To test this theory I have collected data on average exchange rates and bank deposit rates per month from 1999 to 2017 (225 observations in total; sources: Statistics Sweden, European Central Bank, Swedish Riksbank). The bank deposit rates are the rates banks may use to make overnight deposits with the Swedish Riksbank and the Eurosystem. If no future exchange rate moments are expected then each time the return on deposits in SEK increases more than return on deposits in EUR, the SEK/EUR exchange rate should decrease. The result is displayed in Figure 1. Indeed the long term trend* is that a greater (SEK-EUR) difference is associated with a lower exchange rate. But the variance is quite large so any conclusions should be drawn with caution.

Exchage rates and difference deposit rates

Decision

The exchange rate currently predicted by the trend is 9.51. This value doesn’t differ much from today’s actual value which is 9.54. It might be a bit naïve to assume exchange rate equilibrium and that market actors aren’t already taking into account likely interest changes, but it probably doesn’t hurt to make future investment in accordance with the trend. Especially if one is prepared to react quickly to announcements by the central banks.

*The trend is given by Y = 0.0826*X^2 – 0.2874*X + 9.2133. Where Y is the exchangre rate and X is the difference between the deposit rates. The curve is fitted using a Microsoft Excel’s built-in function.

Why I don’t sell my Katherine Bernhardt painting at auction

personal finance

Financial dilemma

I bought a beautiful Katherine Bernhardt painting in 2008 (for money that I had earned through a summer job). I have now decided to sell the painting to make room for other investments. A dilemma is whether I should sell it back to a gallery, sell it to a private collector or sell it at auction. Also, I must figure out how much to sell it for.

Reasoning

It seems difficult to find a private collector since my personal network contains very few art buyers.

I contacted an auction house which said they were interested in including the painting in their upcoming contemporary art auction. A benefit with an auction house is that that the painting would be well marketed and the price would be set directly by the market, rather than me negotiating with a private collector or a gallery. However the auction house would charge a sales commission of 15% on the hammer price.

I also contacted a gallery (which had exhibited her art in the past) and they were interested in buying the painting. To come up with a reasonable price I looked at web sites like invaluable.com and artsy.net.

My decision

The gallery option seemed most attractive to me since it is very convenient and they would not charge me a commission fee. I offered the painting to them and they accepted my suggested price. They did so without negotiating, which of course made think that I had set the price too low. But I’m still confident that my estimated price is no less than 85% of the “true” market price that would be fetched at auction.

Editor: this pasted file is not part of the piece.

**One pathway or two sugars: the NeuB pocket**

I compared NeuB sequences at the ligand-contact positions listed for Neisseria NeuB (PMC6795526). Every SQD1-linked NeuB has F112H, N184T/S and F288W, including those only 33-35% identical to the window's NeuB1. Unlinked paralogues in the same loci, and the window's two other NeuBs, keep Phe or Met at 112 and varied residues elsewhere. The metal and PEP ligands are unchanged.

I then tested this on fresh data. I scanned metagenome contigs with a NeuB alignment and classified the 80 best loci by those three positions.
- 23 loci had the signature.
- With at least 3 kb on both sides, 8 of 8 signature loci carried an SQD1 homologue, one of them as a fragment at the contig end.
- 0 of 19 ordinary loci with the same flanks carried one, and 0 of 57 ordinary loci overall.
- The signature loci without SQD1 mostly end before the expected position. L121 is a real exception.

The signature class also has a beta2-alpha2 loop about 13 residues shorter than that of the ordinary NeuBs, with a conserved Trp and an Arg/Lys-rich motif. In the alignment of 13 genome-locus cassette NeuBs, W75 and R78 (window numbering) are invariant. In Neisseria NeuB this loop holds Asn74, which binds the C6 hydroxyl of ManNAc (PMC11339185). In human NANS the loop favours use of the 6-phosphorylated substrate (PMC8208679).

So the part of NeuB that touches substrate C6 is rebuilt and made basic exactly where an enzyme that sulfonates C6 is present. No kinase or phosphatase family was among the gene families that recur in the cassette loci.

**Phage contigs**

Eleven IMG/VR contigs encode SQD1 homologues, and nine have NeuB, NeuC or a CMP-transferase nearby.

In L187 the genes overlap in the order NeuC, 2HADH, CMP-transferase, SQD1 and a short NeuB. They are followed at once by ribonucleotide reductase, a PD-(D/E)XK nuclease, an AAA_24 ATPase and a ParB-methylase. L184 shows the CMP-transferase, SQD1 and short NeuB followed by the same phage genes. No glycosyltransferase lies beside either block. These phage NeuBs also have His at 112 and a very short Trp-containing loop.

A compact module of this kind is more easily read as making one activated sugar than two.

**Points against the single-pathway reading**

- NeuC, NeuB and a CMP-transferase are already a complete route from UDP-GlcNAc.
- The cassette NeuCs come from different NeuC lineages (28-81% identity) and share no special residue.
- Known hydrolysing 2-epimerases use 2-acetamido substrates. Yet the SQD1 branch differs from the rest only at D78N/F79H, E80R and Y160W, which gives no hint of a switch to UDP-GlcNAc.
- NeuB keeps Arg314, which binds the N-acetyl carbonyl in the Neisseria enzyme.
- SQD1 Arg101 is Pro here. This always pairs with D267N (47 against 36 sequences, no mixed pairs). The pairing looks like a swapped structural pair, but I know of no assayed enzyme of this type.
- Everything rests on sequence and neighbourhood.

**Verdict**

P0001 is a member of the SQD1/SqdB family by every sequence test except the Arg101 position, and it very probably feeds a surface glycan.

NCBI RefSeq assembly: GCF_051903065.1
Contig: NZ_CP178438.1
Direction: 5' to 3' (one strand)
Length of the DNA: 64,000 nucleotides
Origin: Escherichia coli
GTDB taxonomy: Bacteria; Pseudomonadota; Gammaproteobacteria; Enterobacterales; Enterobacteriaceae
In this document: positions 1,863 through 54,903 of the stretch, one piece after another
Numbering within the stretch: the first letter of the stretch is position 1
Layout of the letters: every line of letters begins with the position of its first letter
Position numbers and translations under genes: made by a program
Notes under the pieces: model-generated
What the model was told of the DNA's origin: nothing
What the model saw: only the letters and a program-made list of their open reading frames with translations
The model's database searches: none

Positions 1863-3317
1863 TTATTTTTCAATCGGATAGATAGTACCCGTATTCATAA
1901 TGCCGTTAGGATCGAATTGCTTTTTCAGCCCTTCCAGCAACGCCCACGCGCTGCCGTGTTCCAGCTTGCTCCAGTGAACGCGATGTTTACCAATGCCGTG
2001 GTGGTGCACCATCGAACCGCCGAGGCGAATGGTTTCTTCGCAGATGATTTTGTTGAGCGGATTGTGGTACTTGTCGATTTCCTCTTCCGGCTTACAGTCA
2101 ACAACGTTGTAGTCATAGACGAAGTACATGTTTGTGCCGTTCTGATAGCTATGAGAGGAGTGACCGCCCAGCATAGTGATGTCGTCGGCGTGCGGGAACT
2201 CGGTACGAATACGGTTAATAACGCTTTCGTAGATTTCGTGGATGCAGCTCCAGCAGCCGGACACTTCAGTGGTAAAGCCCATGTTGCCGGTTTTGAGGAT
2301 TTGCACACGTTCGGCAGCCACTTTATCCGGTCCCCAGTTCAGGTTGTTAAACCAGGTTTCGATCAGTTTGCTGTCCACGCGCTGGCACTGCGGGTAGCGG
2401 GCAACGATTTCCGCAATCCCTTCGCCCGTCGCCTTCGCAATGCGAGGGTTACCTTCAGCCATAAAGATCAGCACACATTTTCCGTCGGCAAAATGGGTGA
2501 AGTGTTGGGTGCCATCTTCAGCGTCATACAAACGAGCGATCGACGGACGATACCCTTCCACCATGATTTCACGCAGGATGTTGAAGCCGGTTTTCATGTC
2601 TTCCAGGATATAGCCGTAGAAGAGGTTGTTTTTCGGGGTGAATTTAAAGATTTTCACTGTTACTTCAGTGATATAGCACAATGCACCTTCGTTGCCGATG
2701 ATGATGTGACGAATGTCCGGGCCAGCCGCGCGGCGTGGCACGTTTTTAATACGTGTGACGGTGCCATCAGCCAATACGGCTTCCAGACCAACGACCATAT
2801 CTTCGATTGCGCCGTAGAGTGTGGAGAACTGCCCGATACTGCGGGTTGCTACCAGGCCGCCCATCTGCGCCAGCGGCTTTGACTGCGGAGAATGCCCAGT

By the way, my profit on this art investment corresponds to a return of 1.8% per year. The value of the 30 most traded stocks at Nasdaq Stockholm, by comparison, have risen by 5.2% per year during the same period. So although I have enjoyed the painting the alternative cost for not making other investments was rather high.

What do you think? Did I make a good decision, please comment.

Should I invest my tuition fee money?

personal finance

Financial dilemma

Should I buy stocks for money that I have saved for paying my upcoming university tuition fee? Currently I lend the money to a large bank which gives me a small return of 0.7 % per year. I want to make sure that I lose no more than 10 % of my savings. The fee is to be paid on 28 January 2018.

Theory: Buy put options to limit risks

If I buy stocks and put options (allows me to sell the stocks at a fixed/strike price) I could limit my risks and perhaps earn a better return. Table 1 shows the stocks I consider buying and the most suitable (American) options contracts. The companies are large Swedish firms in different sectors and all put options expire on Mars 16 2018.

Table 1: Stocks to buy?

Company Spot price (SEK) Strike price (SEK) Option price (SEK)
Ericsson B 45,96 42,00 2,45
ABB Ltd 194,10 180,00 4,75
H&M B 209,10 190,00 8,50
SEB A 102,70 95,00 2,70
Electrolux B 284,60 260,00 10,50

For the investments to make sense e.g. the price of Ericsson B, between Sep 13 2017 (today) and Mars 16, should be expected to rise to about:

45.96*(1.007)^6/12 (alternative cost for no bank return for six months) + 2.45 (price option) = 48.57 SEK

That corresponds to an increase by 5.7 %. Similarly ABB, H&M, SEB and Electrolux must increase by 2.8 %, 4.4 %, 3.0 %, 4.0 %, respectively, which gives an average increase of 4.0 %. Historically (last three years) the stock prices for the largest companies in Sweden have risen by about 2.2 % during each half-year period.

(Note: The increases till 28 January would need to be somewhat smaller than 4.0 % since I would keep any remaining market value if the option is not used at that point. The brokerage fees are marginal in this case.)

My decision

I decided not to buy the stocks since this rough analysis shows that the expected return from the stock market isn’t enough to compensate for the costs associated with buying the put options.

More theory can be found in: John C. Hull’s Options, Futures and Other Derivatives (6th Edition)